Elden Street Players presents The Seafarer, a black comedy written by Conor McPherson. Just in time to celebrate St. Patrick’s Day, this hauntingly genuine Irish tale explores deep themes like despair, redemption, and the laughter that breaches the gap between. This production is beautifully directed by Angie Anderson.
Set Designer Tod Kerr creates a lived-in home that teeters on a fine line; shabby but swept, unkempt but respected. Tattered, mismatched furniture sits upon threadbare rugs, and the wallpaper is faded and old-fashioned. However, someone has gone through the trouble of decorating for Christmas, with a somewhat sad-looking tree sitting in the corner and Santa figurines lovingly placed on the mantle. Things have a rightful place; a stack of cards sits neatly tucked away, quilts and blankets are tidily folded. Catholic influences like crucifixes, nativity scenes, and portraits of Jesus are seen throughout the space. There is a heartbreaking air about this place, as if the effort and care is there, but the demand of upkeep is too high for the occupants. Jill L. Kerr handles Set Painting and Design, and Nanette Reynolds the Set Dressing and Properties, and both do a fine, detailed job. Truly, it almost seems as if the set is its own character.
Costume Designer Judy Whelihan matches the character’s clothes to the house; the garments are nice, but thoroughly wrinkled. Lighting Designer Franklin C. Coleman uses soft blues and blaring reds to enhance emotion, as well as “practicals;” working electrical sockets used for the tree lights…and a plug-in cross. Sound Designer Stan Harris completes the atmosphere with effects like wind, rain, music, and telephone rings.
It’s Christmas Eve north of Dublin City, and the Harkin house is awakening to one hell of a hangover. Richard Harkin (Scott Bailey) emerges from behind the sofa, empty bottle in hand and with only one arm slung through his evening jacket. When his brother James “Sharky” (Bill Fleming) emerges, one can easily assume that he is another victim of a night of hard drinking, until it is revealed that he is attempting sobriety, and that his bleary-eyed nature is instead a mixture of exhaustion and sadness. He has moved back home after losing his job, and is looking after Richard, who was recently blinded in an accident. Richard, hot-tempered and loud, shouts demands at his brother while his friend Ivan Curry (Mark Adams) appears from upstairs, disheveled and feeling his way about, as he has lost his glasses. The pair steadily sneaks drinks as Sharky fumbles about, feebly trying to clean a mess that outpaces him. Subtext is a large element in this play—fractured relationships, blame, and strain is evident under the “joking” dialogue, as Richard exclaims, “I don’t know who’s looking after who.” When Sharky discovers that Richard has invited his love-rival, the lively but shallow Nicky Giblin (Ian Mark Brown) over for a game of poker that evening, the tension escalates.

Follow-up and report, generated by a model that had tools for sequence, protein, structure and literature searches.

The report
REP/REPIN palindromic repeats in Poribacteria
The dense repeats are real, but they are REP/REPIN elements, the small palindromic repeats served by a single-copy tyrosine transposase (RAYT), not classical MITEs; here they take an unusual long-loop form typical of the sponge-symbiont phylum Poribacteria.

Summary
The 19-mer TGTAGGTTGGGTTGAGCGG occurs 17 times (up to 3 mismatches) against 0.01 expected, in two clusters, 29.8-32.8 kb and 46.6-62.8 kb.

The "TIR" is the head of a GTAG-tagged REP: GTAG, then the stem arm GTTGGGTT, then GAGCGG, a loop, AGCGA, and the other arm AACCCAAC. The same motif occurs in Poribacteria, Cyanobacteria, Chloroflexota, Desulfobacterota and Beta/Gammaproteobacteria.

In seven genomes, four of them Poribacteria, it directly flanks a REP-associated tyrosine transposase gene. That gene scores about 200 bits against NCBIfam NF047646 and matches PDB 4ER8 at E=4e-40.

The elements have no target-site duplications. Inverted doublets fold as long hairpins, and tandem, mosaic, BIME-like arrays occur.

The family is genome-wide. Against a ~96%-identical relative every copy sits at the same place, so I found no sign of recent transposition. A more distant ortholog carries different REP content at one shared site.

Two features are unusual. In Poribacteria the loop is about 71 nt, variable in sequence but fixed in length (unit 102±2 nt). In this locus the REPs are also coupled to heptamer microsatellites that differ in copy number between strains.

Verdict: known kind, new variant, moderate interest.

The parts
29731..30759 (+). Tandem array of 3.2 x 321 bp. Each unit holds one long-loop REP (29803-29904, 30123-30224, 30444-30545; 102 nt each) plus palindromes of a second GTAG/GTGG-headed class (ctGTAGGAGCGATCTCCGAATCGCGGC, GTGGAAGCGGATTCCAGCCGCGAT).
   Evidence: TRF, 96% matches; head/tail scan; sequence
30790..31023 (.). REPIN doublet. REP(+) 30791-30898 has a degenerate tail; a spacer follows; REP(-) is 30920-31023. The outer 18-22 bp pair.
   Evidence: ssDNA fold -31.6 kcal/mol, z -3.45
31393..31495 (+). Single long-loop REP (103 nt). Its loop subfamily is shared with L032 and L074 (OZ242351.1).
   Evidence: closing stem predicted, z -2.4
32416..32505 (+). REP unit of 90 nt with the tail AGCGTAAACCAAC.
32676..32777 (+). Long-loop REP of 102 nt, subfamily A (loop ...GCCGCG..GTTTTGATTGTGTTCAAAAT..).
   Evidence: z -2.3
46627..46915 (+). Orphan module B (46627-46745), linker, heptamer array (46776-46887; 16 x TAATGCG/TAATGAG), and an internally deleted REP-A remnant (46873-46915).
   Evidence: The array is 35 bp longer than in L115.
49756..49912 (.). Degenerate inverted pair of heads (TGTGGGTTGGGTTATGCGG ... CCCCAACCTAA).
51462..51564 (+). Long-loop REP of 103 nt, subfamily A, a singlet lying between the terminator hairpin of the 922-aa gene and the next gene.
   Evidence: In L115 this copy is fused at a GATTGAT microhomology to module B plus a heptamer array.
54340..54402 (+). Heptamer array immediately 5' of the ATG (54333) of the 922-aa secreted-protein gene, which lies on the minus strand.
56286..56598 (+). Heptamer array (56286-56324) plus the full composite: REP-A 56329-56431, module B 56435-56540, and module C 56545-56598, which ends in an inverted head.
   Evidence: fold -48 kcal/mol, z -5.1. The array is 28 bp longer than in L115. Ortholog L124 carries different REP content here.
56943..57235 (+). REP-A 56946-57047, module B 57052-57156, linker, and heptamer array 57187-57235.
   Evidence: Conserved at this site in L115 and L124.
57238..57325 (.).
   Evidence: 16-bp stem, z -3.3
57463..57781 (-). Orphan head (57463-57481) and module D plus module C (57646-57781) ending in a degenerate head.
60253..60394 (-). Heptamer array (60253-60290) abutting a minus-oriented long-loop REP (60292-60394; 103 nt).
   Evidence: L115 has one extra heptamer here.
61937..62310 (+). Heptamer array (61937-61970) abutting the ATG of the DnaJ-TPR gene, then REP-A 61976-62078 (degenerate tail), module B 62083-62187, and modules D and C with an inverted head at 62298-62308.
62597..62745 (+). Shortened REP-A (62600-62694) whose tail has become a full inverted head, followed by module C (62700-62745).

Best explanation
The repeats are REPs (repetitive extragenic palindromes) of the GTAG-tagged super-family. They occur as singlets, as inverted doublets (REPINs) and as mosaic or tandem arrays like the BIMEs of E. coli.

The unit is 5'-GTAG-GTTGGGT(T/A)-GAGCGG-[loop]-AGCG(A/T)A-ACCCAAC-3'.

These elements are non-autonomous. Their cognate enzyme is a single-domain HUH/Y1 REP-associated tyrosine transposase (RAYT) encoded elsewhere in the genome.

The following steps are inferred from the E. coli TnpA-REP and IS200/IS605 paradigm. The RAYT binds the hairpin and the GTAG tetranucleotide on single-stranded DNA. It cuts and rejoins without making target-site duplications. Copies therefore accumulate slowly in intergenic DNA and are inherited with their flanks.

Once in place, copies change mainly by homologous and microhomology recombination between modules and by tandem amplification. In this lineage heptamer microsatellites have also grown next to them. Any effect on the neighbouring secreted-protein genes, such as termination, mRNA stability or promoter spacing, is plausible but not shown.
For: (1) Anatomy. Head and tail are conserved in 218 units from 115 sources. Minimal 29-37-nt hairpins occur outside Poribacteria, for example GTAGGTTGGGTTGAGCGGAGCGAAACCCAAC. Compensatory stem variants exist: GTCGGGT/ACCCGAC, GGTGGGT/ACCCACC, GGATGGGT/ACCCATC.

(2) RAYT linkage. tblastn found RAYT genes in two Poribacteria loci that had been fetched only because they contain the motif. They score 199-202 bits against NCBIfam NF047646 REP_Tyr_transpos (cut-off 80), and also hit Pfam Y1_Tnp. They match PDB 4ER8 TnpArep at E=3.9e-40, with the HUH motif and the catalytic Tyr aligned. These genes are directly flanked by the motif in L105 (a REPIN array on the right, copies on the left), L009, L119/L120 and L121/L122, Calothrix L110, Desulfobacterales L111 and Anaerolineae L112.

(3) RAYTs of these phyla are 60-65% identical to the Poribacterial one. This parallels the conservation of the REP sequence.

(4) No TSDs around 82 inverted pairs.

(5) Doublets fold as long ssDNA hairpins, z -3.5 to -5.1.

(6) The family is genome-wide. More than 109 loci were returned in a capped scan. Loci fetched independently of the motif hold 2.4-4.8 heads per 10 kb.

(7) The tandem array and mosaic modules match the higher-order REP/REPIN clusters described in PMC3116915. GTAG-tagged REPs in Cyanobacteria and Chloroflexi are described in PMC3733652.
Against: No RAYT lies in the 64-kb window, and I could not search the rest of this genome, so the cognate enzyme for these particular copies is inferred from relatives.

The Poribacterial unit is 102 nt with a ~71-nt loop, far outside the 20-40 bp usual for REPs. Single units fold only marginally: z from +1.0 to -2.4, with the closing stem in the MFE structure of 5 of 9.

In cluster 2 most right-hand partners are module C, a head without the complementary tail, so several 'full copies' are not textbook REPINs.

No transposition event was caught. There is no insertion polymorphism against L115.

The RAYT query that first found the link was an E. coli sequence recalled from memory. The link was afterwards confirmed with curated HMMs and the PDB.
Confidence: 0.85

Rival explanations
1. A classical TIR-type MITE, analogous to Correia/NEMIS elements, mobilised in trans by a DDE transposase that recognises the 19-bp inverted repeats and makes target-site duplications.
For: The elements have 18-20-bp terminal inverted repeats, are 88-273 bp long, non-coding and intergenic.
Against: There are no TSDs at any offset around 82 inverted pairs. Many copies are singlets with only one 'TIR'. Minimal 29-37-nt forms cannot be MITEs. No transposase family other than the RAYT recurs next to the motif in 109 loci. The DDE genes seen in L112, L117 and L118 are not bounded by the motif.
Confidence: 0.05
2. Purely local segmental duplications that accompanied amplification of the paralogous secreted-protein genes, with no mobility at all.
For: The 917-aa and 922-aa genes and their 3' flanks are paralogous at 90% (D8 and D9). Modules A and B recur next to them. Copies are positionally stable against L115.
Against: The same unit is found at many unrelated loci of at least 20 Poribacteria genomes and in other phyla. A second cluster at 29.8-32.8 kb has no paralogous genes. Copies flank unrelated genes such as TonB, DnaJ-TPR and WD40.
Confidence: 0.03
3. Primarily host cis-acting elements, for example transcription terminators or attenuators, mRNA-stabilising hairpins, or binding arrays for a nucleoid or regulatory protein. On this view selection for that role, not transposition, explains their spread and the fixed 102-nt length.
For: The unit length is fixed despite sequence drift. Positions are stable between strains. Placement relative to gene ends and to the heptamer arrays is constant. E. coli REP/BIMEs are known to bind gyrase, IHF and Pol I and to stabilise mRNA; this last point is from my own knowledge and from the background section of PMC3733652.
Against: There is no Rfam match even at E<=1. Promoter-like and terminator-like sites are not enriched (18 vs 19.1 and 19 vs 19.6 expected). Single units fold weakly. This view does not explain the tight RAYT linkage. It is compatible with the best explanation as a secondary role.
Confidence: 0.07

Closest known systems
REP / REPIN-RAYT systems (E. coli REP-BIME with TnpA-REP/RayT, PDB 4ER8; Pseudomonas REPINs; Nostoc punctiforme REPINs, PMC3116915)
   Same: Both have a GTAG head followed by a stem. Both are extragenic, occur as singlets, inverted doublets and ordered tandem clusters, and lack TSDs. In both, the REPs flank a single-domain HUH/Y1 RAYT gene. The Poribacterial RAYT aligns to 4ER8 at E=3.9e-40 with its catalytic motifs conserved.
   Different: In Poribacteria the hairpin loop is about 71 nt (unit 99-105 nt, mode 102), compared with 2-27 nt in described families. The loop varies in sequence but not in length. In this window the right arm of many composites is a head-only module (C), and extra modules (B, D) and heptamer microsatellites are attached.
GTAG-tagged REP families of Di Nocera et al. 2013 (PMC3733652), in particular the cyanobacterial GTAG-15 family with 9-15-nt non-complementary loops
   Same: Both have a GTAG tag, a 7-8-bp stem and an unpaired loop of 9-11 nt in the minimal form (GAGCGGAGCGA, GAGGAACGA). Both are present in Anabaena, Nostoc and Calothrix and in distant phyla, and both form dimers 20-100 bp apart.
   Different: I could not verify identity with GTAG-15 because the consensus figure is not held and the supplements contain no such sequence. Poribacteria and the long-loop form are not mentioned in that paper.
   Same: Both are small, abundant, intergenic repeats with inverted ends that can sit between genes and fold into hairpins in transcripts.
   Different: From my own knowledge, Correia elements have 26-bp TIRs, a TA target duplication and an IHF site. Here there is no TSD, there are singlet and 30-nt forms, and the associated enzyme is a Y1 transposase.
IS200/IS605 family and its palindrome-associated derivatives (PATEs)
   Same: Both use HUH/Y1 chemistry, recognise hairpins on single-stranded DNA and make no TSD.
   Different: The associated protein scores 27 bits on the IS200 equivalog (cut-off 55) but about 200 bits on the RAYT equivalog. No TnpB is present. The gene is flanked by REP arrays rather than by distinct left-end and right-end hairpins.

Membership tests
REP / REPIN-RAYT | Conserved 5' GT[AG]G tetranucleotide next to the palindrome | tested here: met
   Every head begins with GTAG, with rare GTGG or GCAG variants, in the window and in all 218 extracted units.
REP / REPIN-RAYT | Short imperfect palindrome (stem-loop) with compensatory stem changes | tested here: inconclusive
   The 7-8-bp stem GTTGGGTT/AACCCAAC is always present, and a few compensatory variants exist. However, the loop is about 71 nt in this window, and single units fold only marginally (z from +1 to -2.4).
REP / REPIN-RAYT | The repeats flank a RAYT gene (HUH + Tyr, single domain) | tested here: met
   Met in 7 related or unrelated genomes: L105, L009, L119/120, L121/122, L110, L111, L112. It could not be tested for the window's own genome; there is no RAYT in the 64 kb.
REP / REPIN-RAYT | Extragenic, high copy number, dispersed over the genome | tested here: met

The drinks keep flowing into the night as Nicky arrives with a mysterious stranger, Mr. Lockhart (Todd C. Huse). Lockhart has a refined, composed creepiness about him, and reveals to Sharky his true nature, and that the stakes in this poker game are much higher than Sharky could have ever imagined. It’s the game of a lifetime—literally. Who will prevail?
The performances in this play are incredibly intelligent—which is a tricky feat, considering that most of the characters spend the entire show stumbling around in a drunken haze. The actors are all hugely talented and make each character fully believable, even when they are met with a supernatural element. Bill Fleming gives Sharky a sweetly tragic air about him—a lonely man consumed in his own personal grief. Scott Bailey plays the rougher side of the same coin as the irritable Richard, and Mark Adams provides much of the comic relief as the clumsy, woebegone Ivan.
McPherson’s script is beautifully written, including a truly frightening description of hell, told by Lockhart, which will stay with me forever. Unspoken thoughts, anger, and resentments ripple under the festive scene like an electric currant, and is thrilling to watch. While thinking of a way to describe the direction of this production, my mind kept circling back to the word “lovingly,” because it is crisply clear in the execution that this show is tenderly loved by all those involved.
Deep, thought-provoking, and darkly funny, Elden Street Players’ The Seafarer is one production you must see!
Running Time: Approximately two hours and 30 minutes, including one 15-minute intermission.
The Seafarer plays through April 6, 2013 at Elden Street Players – 269 Sunset Park Drive, in Herndon, VA. For tickets, call (703) 481- 5930, or order them online.